Foods You Didn’t Know Contain Nuts
Nut allergies can be tricky. In the past controlling my nut allergies seemed much simpler as I mainly had to avoid the obvious foods that contained nuts such as, a packet of whole nuts, a Snickers bar, or Peanut M&Ms. These products were usually labelled and marketed clearly indicating that they contained nuts- remember the snickers bar ad (GET SOME NUTS!)
But now the food trends have changed, and consumers demand for products featuring ingredients perceived as natural and healthy, spurring the interest in a wide variety of nuts. Food manufactures are taking action as they increase their marketing campaigns to focus on healthy snacks consisting of high protein, sourced from nuts; including whole nuts, nut oils, nut flavourings, nut flours and nut toppings in the majority of food products.
This often leaves it extremely difficult to know what foods to trust or avoid as I’ve noticed a lot of products that I’ve been eating for years, now have a may contain statement.
This led me to investigate products further and I discovered some other foods that I had no idea contained nuts so I felt it right to share this with the allergy community.
Check out the list below:
- Mole Sauce is a traditional marinade and sauce originally used in Mexican Cuisine and generally contains fruit, chilli pepper, nuts, and such spices as black pepper, cinnamon and cumin. Ingredients that can be added can include nuts (such as almonds, peanuts, or pine nuts), seeds (such as sesame seeds, pumpkin seeds, or squash seeds), cilantro, seedless grapes, plantains, garlic, onions, cinnamon, and chocolate.
- Marzipan consists primarily of sugar or honey and almond meal(ground almonds), or sometimes with almond oil or extract. It’s often made into sweets such as chocolate-covered marzipan and small marzipan imitations of fruits and vegetables.
- It can also be used in biscuits or rolled into thin sheets and glazed for icing cakes – birthday cakes, wedding cakes, Christmas cakes. This is particularly common in the UK, specifically with fruitcakes.
- Marzipan paste may also be used as a baking ingredient, as the filling in Stollen (a fruit bread of nuts, spices, and dried fruit, coated with powdered sugar or icing sugar) or Banket (a type of pastry or cookie that is typically prepared using a mixture of flour, eggs and butter or puff pastry as its base and filled with almond paste or persipan, dusted with sugar. Marzipan is also used in Tortell, and in some versions of King Cake. Traditional Swedish Princess Cake is typically covered with a layer of marzipan that has tinted pale green or pink.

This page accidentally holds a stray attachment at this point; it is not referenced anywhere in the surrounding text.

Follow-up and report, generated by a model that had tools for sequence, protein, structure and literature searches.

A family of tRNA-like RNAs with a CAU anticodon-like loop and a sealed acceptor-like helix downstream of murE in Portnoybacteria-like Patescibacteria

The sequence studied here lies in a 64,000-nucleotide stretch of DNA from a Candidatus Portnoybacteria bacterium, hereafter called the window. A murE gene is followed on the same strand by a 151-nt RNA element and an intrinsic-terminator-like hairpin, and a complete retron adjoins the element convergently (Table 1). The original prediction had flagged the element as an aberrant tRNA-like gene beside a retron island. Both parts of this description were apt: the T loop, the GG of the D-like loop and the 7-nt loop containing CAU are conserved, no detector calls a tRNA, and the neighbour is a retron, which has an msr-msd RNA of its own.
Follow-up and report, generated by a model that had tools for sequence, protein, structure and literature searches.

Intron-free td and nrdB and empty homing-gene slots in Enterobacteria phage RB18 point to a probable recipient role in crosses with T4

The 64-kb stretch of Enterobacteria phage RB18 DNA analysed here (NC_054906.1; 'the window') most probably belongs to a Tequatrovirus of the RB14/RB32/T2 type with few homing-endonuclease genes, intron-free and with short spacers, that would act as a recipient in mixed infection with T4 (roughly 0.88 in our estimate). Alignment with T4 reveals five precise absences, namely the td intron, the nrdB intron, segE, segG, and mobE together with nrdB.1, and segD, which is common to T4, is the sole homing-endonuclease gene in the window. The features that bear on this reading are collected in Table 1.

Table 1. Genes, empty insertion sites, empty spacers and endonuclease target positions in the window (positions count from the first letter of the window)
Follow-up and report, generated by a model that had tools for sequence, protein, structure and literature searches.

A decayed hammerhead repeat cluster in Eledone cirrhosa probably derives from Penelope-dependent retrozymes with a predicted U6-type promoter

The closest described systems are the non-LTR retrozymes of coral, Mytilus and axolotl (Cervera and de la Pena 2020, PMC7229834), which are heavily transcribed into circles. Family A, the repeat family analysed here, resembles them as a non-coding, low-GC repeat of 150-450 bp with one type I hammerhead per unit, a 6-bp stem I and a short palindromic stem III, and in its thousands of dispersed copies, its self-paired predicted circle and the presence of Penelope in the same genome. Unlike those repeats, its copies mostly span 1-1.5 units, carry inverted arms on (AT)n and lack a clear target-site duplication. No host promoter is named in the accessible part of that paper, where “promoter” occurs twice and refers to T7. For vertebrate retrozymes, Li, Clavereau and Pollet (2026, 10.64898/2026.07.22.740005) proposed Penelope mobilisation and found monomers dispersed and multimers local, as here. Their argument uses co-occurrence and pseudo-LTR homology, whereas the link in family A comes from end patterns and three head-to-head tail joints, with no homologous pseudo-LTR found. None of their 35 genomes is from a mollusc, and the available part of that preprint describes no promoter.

- Pesto Sauce is a sauce originating in Genoa, Italy. It traditionally consists of crushed garlic, pine nuts, salt, basil leaves, hard cheese such as Parmesan cheese or Pecorino Sardo (cheese made from sheep’s milk), all blended with olive oil. There are nut free versions available so make sure to check the ingredients label thoroughly before considering it. Also I always ask the restaurant to show me the original food label packaging of the pesto to check the label myself as on one occasion when the staff confirmed it was a nut free version, I had a severe reaction. So always check yourself, you’re the expert of your own food allergies. You can also make your own homemade nut free pesto!
Chicken Tikka Masala Curries
- Chicken tikka masala is a dish of roasted marinated chicken in a spiced curry sauce. The sauce is usually creamy and orange-coloured. Creamy curries, such as tikka masala, korma and pasanda, often contain cashew nuts and ground almonds as part of their ingredients as well as being cooked in nut oil. Therefore, you should be very cautious when eating in restaurants and cuisines that specialise in curries.
Gluten Free Foods
- Some gluten-free flours include almond and coconut, therefore the gluten free bread, pastries and products may contain nuts.
- Most pre-made granola cereals and bars will contain nuts such as almonds, cashews, hazelnuts and walnuts. However, there are some nut free versions. I usually make homemade granola so I can control the ingredients used.
- Most veggie burgers contain veggies and beans however, to add flavour some burgers can contain chopped macadamias, cashews or walnuts.
- Nougat is sometimes made with finely chopped nuts such as hazelnuts.
- Vegan cheese can be made from different plant proteins and fats. It can be made from seeds, such as sesame and sunflower; nuts, such as cashew, pine nut, and almonds and soybeans, peanuts, coconut oil, nutritional yeast, tapioca, and rice, among other ingredients.
Some alcohols may contain nuts such as:
- Amaretto (flavoured with almonds)
- Ratafia liquer, wine and biscuits (flavoured with almonds)
- Bombay Sapphire Gin (almonds)
- Charbay Nostalige (black walnut)
- Frangelico (hazelnut)
- Kahana Royale (macadamia nut)
- Nocello (walnut)